In the beginning were the spirits. They were invisible beings, heard and seen only by the most powerful sorcerers or witches. Some were thought to be malevolent; some were praised as good. They could find lost objects, spy upon enemies, and now and then affect the weather.

  Two great wi
tches, Mekare and Maharet, lived in a beautiful valley on the side of Mount Carmel, and they communed with the spirits. One of these spirits, the great and powerful Amel, could, in his mischief making, take blood from human beings. Tiny bits of blood entered the alchemical mystery of the spirit, though how no one knew. But Amel loved the witch Mekare and was ever eager to serve her. She saw him as no other witch ever had, and he loved her for it.

  One day the troops of an enemy came—soldiers of the powerful Queen Akasha of Egypt. She wanted the witches; she wanted their knowledge, their secrets.

  This wicked monarch destroyed the valley and the villages of Mekare and Maharet and brought the sisters by force to her own kingdom.

  Amel, the furious familiar spirit of the witch Mekare, sought to punish the Queen.

  When she lay dying, stabbed over and over by conspirators of her own court, this spirit Amel entered into her, fusing with her body and her blood and giving her a new and terrifying vitality.

  This fusion caused a new entity to be born into the world: the vampire, the blood drinker.

  From the blood of this great vampire queen, Akasha, all the other vampires of the whole world were born over the millennia. A blood exchange was the means of procreation.

  To punish the twins who stood opposed to her and her new power, Akasha blinded Maharet and tore the tongue from Mekare. But before they could be executed, the steward of the Queen, Khayman, a newly made blood drinker himself, passed on to the twins the powerful Blood.

  Khayman and the twins led a rebellion against Akasha, but they could not stop her cult of blood drinker gods. Eventually the twins were captured and separated—sent out as castaways—Maharet into the Red Sea and Mekare into the great ocean to the west.

  Maharet soon found familiar shores and thrived, but Mekare, carried across the ocean to lands yet undiscovered and unnamed, vanished from history.

  This was six thousand years ago.

  The great Queen Akasha and her husband, King Enkil, went mute after two thousand years, maintained like statues in a shrine by elders and priests that believed Akasha contained the Sacred Core—and that if she should be destroyed, all the blood drinkers of the world would die with her.

  But by the time of the Common Era, the story of the Blood Genesis was completely forgotten. Only a few elder immortals passed on the tale, though they did not believe it even as they told it. Yet blood gods, vampires dedicated to the old religion, still reigned in shrines throughout the world.

  Imprisoned in hollowed-out trees or brick cells, these blood gods starved for blood until the holy feasts at which they were brought offerings: evildoers to judge and condemn and feast upon.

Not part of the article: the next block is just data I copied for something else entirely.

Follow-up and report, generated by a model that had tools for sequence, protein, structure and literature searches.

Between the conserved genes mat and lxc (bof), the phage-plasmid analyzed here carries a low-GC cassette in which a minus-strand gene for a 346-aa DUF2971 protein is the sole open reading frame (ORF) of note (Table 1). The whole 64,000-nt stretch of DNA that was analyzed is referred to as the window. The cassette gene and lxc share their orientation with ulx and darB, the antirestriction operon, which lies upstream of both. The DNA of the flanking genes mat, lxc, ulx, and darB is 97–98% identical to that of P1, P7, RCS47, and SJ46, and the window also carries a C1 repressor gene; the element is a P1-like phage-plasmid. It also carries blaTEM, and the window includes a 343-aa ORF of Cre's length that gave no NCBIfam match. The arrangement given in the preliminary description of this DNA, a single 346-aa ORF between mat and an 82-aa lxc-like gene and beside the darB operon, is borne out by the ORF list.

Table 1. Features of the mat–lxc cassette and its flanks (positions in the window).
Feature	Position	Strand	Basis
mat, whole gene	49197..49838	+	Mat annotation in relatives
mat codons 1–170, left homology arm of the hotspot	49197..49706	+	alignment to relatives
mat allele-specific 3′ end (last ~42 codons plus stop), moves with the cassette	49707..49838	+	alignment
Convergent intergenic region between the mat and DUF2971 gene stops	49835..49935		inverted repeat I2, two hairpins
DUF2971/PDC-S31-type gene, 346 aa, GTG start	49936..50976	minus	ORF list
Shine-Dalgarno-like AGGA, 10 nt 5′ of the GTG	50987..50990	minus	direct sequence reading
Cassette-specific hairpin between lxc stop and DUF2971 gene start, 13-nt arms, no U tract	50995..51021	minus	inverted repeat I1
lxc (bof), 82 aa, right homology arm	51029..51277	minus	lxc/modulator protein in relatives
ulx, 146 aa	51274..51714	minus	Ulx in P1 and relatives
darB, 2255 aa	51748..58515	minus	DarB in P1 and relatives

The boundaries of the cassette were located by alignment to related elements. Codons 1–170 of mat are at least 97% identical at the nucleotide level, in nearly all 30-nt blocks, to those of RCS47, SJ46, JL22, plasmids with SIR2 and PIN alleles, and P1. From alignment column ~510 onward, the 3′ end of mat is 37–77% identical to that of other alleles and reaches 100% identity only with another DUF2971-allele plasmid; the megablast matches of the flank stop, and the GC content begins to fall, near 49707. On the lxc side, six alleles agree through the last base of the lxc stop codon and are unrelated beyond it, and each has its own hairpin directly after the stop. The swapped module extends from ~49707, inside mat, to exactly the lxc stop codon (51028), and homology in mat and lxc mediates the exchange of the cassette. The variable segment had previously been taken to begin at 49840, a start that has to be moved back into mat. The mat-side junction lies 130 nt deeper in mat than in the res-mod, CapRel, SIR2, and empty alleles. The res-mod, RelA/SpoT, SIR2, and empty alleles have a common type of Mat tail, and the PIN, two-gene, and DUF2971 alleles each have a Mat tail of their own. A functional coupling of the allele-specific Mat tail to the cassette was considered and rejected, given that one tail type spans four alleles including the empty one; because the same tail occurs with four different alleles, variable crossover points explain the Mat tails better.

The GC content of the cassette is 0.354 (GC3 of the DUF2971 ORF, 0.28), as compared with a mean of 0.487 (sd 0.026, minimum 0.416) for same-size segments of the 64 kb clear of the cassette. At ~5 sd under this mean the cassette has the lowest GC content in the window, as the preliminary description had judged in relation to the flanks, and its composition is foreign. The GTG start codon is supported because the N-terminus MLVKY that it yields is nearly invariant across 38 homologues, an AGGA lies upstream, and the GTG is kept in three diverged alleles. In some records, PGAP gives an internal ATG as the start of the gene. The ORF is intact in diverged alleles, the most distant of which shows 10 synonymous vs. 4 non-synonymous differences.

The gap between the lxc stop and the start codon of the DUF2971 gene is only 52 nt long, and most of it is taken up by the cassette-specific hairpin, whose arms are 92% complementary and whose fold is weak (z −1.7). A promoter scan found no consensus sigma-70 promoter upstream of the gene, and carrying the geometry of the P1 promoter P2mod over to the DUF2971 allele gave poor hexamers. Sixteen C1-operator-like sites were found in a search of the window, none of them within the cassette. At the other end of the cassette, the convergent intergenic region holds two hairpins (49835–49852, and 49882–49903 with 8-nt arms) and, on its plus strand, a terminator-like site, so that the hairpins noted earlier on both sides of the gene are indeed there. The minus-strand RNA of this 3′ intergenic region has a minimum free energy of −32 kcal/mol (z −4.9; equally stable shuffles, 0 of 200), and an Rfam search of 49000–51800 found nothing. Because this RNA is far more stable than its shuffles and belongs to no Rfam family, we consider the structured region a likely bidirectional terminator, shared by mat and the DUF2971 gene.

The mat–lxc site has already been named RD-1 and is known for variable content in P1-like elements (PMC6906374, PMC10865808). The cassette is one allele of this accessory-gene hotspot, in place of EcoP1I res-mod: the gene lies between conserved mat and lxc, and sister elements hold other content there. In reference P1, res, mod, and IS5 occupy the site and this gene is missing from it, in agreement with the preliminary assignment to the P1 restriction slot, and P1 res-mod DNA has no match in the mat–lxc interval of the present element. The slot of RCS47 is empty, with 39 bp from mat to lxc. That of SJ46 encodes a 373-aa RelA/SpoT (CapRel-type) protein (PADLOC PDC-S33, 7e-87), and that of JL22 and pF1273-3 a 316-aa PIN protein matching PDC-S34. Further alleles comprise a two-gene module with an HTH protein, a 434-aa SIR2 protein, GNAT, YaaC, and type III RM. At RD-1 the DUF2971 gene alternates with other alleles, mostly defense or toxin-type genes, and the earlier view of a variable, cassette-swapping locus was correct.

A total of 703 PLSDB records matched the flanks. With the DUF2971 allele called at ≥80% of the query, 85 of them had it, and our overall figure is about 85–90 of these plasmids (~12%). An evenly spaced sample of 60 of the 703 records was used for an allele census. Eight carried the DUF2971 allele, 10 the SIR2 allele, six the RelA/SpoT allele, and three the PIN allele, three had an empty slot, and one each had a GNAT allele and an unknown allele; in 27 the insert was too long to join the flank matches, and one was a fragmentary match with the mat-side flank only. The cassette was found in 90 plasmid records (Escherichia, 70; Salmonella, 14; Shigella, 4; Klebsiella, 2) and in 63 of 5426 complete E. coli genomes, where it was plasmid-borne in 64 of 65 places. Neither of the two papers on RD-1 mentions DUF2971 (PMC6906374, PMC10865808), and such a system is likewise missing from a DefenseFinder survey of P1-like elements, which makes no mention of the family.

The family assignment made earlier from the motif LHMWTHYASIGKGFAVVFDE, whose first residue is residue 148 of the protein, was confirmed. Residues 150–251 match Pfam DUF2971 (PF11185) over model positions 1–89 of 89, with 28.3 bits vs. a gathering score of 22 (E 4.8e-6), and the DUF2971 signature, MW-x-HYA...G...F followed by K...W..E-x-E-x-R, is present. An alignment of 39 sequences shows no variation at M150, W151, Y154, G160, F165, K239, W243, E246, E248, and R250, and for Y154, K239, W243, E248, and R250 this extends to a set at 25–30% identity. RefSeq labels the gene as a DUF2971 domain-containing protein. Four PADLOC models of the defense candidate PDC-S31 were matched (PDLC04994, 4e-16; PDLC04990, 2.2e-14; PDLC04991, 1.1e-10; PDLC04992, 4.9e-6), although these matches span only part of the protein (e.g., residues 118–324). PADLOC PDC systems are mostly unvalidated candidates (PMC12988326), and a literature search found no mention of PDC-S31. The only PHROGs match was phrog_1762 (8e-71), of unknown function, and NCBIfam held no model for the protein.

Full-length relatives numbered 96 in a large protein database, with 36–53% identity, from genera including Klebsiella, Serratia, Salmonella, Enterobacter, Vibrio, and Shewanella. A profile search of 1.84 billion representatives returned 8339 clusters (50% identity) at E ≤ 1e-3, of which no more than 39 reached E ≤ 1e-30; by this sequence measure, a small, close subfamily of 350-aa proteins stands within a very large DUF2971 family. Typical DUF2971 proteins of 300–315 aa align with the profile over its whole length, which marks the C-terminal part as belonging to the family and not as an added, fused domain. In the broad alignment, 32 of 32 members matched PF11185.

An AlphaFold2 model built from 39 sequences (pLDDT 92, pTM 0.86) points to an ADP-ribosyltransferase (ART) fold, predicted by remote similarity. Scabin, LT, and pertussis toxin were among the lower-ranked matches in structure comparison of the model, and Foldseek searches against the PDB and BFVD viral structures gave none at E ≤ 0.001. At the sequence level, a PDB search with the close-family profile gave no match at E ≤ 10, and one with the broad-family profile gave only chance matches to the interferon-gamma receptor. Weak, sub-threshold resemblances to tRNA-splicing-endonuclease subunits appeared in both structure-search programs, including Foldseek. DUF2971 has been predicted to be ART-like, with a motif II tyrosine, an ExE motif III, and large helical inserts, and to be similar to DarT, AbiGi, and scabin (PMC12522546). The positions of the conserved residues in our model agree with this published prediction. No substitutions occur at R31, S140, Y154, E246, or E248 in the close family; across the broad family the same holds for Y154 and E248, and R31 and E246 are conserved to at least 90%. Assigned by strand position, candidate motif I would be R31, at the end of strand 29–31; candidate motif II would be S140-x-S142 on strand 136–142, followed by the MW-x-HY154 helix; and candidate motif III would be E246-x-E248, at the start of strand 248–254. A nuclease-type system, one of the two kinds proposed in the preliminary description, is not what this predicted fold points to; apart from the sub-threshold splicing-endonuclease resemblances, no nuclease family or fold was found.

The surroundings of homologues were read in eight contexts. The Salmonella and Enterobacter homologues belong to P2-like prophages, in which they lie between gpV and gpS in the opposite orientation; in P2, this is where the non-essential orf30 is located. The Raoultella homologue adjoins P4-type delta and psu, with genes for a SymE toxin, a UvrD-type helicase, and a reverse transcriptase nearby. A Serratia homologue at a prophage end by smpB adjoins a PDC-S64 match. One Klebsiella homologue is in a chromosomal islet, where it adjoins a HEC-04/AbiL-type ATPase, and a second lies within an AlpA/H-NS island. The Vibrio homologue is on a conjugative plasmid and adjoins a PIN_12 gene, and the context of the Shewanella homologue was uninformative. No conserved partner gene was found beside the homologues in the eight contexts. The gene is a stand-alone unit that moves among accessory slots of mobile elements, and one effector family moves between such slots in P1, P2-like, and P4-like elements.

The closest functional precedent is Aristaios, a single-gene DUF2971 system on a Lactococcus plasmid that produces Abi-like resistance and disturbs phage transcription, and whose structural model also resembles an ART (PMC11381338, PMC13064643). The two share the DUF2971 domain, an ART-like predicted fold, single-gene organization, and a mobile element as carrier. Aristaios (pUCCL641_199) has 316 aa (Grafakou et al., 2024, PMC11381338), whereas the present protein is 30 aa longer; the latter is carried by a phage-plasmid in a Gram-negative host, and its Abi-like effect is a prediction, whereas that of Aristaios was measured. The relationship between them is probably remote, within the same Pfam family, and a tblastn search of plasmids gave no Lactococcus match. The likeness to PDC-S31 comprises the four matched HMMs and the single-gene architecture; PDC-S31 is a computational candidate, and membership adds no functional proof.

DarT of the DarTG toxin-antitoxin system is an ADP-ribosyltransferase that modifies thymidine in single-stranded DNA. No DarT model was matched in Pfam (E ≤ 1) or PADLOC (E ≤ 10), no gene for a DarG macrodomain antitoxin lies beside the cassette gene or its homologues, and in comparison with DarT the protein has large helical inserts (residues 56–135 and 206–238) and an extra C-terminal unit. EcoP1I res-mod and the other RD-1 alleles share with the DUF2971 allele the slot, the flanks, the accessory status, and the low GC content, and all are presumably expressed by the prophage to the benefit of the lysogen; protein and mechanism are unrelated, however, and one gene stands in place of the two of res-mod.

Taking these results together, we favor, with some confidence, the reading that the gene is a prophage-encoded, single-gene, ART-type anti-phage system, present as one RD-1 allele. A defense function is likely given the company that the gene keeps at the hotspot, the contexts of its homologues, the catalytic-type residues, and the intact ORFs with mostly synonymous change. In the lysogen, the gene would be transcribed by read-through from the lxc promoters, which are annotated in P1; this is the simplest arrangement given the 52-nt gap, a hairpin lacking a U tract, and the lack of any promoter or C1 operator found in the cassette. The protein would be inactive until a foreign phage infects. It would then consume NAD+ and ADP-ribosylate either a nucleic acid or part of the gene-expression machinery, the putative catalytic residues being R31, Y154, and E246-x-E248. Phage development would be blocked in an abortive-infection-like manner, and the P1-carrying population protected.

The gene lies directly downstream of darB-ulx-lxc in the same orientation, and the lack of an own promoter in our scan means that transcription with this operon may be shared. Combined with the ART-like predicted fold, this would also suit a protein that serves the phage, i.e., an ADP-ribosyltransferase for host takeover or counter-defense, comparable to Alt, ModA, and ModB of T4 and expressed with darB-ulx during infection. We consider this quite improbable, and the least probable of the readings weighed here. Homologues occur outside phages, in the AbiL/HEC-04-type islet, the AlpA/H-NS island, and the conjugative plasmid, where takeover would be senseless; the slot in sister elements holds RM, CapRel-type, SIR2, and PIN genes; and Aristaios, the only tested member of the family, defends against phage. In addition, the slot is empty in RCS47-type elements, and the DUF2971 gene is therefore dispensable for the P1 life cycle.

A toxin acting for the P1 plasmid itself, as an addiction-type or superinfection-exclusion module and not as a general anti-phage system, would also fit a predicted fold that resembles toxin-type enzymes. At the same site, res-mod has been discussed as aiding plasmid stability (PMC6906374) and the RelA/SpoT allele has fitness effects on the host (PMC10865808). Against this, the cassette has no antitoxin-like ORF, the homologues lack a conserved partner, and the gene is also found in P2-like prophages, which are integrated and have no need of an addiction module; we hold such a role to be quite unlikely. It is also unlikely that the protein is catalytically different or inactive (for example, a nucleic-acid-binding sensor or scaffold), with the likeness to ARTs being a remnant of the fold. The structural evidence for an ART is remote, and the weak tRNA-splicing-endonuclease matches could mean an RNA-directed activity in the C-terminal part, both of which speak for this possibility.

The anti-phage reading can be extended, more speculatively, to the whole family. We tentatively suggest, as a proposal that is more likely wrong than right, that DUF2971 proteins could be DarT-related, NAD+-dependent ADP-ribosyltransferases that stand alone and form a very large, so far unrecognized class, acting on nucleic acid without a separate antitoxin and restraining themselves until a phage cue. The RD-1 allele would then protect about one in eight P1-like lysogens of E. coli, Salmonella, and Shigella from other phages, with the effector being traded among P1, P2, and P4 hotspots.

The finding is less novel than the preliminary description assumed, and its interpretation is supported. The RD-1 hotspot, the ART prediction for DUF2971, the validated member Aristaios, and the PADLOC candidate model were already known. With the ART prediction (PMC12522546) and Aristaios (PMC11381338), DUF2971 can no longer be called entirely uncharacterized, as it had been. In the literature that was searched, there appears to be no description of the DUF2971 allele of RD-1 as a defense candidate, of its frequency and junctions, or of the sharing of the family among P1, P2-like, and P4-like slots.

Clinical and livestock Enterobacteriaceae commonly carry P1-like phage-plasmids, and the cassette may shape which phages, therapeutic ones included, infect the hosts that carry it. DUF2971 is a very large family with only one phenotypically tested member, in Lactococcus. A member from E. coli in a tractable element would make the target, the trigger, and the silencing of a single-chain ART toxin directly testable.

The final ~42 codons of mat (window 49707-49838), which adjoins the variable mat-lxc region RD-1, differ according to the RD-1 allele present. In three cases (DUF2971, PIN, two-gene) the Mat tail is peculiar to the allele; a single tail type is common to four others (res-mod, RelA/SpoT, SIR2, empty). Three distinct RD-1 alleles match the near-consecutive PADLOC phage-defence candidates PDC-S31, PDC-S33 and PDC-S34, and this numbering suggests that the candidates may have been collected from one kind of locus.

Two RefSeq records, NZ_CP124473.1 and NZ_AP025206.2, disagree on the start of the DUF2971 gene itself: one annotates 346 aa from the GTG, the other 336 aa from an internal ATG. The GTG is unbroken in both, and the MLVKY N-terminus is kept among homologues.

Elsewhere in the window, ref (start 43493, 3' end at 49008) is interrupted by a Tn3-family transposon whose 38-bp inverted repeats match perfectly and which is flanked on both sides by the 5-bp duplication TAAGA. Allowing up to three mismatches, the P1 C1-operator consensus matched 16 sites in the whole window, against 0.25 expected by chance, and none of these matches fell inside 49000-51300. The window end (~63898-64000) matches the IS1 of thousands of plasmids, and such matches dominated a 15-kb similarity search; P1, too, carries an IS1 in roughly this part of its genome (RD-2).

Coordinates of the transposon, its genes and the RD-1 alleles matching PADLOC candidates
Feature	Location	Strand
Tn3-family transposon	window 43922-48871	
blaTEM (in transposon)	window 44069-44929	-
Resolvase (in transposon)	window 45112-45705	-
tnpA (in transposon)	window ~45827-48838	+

AT THE DAWN of the Common Era, an elder, a keeper of the Divine Parents, abandoned Akasha and Enkil in the desert for the sun to destroy them. All over the world young blood drinkers perished, burnt to death in their coffins, their shrines, or in their tracks as the sun shone on the Mother and Father. But the Mother and Father themselves were too strong to perish. And many of the very old ones survived as well, though badly burned and in pain.

  A newly made blood drinker, a wise Roman scholar by the name of Marius, went down to Egypt to find the King and Queen and protect them so that no holocaust would ever again ravage the world of the Undead. And thereafter Marius made them his sacred responsibility. The legend of Marius and Those Who Must Be Kept endured for almost two millennia.

  In the year 1985, the story of this Blood Genesis was told to all the world’s Undead. That the Queen lived, that she contained the Sacred Core, this was part of the story. It appeared in a book written by the Vampire Lestat, who also told the tale in song and dance in film and from the stage where he performed as a rock singer—calling the world to know and destroy his own kind.

  Lestat’s voice waked the Queen from millennia of silence and slumber. She rose with a dream: that she would dominate the world of human beings through cruelty and slaughter and become for them the Queen of Heaven.

  But the ancient twins came forward to stop Akasha. They too had heard Lestat’s songs. Maharet appealed to the Queen to stop her superstitious blood tyranny. And the long-lost Mekare, rising from the earth after untold aeons, decapitated the great Queen, and took the Sacred Core into herself as she devoured the dying Queen’s brain. Mekare, under the protection of her sister, became the new Queen of the Damned.

  Lestat once again wrote the story. He had been there. He had seen the passing of the power with his own eyes. He gave his testimony to everyone. The mortal world took no notice of his “fictions,” but his tales shocked the Undead.

  And so the story of origins and ancient battles, of vampire powers and vampire weaknesses, and wars for control of the Dark Blood became the common knowledge of the Undead tribe the world over. It became the property of old ones who’d been comatose for centuries in caves or graves, of young ones misbegotten in jungles or swamps or urban slums who had never dreamed of their antecedents. It became the property of wise and secretive survivors who had lived in isolation through the ages.